What and how do Bitcoin charts work?

30 Sep 2015

Bitcoin Chart Analysis


As with any tradable asset there are prices and markets which change according to sentiment or fundamental shifts in the assets core use. With Bitcoin, or crypto currencies, perhaps the most important fundamental change is how Governments treat it, through tax and through regulation. Charts show you a representation of their movements over specific time period.

Price Charts

There are three main types of charts we show on our website. The first being a pricing chart, which is important as it shows how the price changes over time. The trading data can be represented in many different ways graphically although perhaps the most useful is in the format of OHLC – or open high low and close. OHLC data shows the starting price of the time period (open), the highest price in the time period (high), the lowest price in the time period (low) and the closing price in the time period.

This is represented by simple colored blocks with lines coming out of it. The block represents the open or the close, and top and the bottom of the vertical line represents the high or the low. If the open is higher than the close the block is colored one color, usually red or black – and so signalling a falling price in that time period – and if the open is lower than the close the color is green or white signalling a rising price during that period.

The vertical lines coming out of the boxes show the level of volatility during a time period, the more the lines vary the more variable the price has been showing uncertainty as to what the market participants, traders or investors believe is the correct price.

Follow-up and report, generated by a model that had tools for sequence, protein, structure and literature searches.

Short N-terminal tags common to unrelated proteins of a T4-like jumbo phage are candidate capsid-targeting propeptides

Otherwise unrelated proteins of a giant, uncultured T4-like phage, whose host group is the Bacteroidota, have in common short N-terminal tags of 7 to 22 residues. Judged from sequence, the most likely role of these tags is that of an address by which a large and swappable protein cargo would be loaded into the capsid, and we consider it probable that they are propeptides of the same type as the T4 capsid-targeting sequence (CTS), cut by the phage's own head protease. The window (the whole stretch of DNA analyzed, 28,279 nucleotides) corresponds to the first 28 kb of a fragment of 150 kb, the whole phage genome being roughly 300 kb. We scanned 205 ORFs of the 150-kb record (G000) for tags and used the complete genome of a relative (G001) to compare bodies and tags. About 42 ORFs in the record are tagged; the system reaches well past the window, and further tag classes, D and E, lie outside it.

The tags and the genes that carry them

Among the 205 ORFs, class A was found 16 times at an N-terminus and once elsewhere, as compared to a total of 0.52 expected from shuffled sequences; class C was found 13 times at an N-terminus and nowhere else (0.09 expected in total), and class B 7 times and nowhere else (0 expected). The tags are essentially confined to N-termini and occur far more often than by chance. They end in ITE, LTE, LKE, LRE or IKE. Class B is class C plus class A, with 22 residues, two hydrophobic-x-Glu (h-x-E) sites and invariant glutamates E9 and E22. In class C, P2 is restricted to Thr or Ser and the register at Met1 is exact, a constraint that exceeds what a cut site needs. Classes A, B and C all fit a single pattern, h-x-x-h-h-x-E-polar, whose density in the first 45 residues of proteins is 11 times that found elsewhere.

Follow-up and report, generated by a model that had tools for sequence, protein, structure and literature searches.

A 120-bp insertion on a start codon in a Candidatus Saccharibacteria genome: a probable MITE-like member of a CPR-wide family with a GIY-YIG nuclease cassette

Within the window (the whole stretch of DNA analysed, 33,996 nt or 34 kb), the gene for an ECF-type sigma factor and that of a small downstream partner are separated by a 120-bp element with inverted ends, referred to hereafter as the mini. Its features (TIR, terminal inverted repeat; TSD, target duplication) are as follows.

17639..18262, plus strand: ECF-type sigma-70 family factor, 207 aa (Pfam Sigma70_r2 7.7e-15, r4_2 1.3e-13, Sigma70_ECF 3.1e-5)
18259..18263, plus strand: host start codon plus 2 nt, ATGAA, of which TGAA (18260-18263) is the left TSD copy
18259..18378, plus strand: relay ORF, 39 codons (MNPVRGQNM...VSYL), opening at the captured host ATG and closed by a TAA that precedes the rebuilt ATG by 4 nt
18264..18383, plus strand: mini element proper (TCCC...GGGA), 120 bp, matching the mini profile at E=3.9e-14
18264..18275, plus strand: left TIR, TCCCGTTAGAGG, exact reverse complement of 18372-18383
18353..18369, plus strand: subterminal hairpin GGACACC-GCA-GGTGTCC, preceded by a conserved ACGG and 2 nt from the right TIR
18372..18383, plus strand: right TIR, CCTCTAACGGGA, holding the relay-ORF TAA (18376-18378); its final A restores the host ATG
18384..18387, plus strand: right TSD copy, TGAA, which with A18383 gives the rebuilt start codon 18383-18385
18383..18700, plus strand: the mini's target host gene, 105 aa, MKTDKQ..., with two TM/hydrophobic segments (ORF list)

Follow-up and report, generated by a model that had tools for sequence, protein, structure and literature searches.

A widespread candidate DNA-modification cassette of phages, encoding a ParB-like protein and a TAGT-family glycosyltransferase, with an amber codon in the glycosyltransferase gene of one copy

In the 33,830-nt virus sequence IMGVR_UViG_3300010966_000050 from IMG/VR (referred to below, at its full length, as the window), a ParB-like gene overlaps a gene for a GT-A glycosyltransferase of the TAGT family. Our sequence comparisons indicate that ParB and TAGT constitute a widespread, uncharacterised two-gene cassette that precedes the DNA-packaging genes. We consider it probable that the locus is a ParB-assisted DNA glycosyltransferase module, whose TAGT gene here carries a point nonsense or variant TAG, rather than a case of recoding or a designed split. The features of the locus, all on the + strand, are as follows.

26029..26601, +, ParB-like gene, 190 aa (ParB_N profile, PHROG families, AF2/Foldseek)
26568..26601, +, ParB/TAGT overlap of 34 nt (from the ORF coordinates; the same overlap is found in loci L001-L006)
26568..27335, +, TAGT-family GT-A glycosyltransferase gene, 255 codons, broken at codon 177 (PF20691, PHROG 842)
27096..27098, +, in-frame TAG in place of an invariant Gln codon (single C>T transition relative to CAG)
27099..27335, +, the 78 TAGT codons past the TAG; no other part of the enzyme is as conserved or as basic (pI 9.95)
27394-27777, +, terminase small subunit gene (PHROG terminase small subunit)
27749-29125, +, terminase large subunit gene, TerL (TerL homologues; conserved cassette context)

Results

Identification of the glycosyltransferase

If you don’t want to represent this data this way then you can simply just plot the open or the close just to see a straight line graph.
We also show you trades as they come in which you can see on our live streaming pages for Bitcoin and other crypto currencies – keeping you up to date with the latest Bitcoin price moves and volume.

We also show volume pie charts by exchange to show you were the volume is flowing, For example the Bitcoin Litecoin BTC/LTC trading pair - If you want to see where the volume is highest you can have a look at the orderbook or look at our volume pie chart which shows you which exchange has the highest liquidity. If Bter is has only traded 20% of the 400 BTC volume in the last day whilst Cryptsy has traded 80% then you would probably want to pick the latter as the liquidity is higher, most likely meaning that the Bid Ask spread is lower and so the price you pay, or liquidity premium on the Cryptsy exchange is less.

We also show you streaming data on each individual coin page that will give you insight into the frequency that a particular crypto currency is traded across all the exchanges. In the case of Bitcoin this might be numerous times per second, and with Litecoin too, but with other smaller less well known crypto currencies it might take a lot longer between trades.

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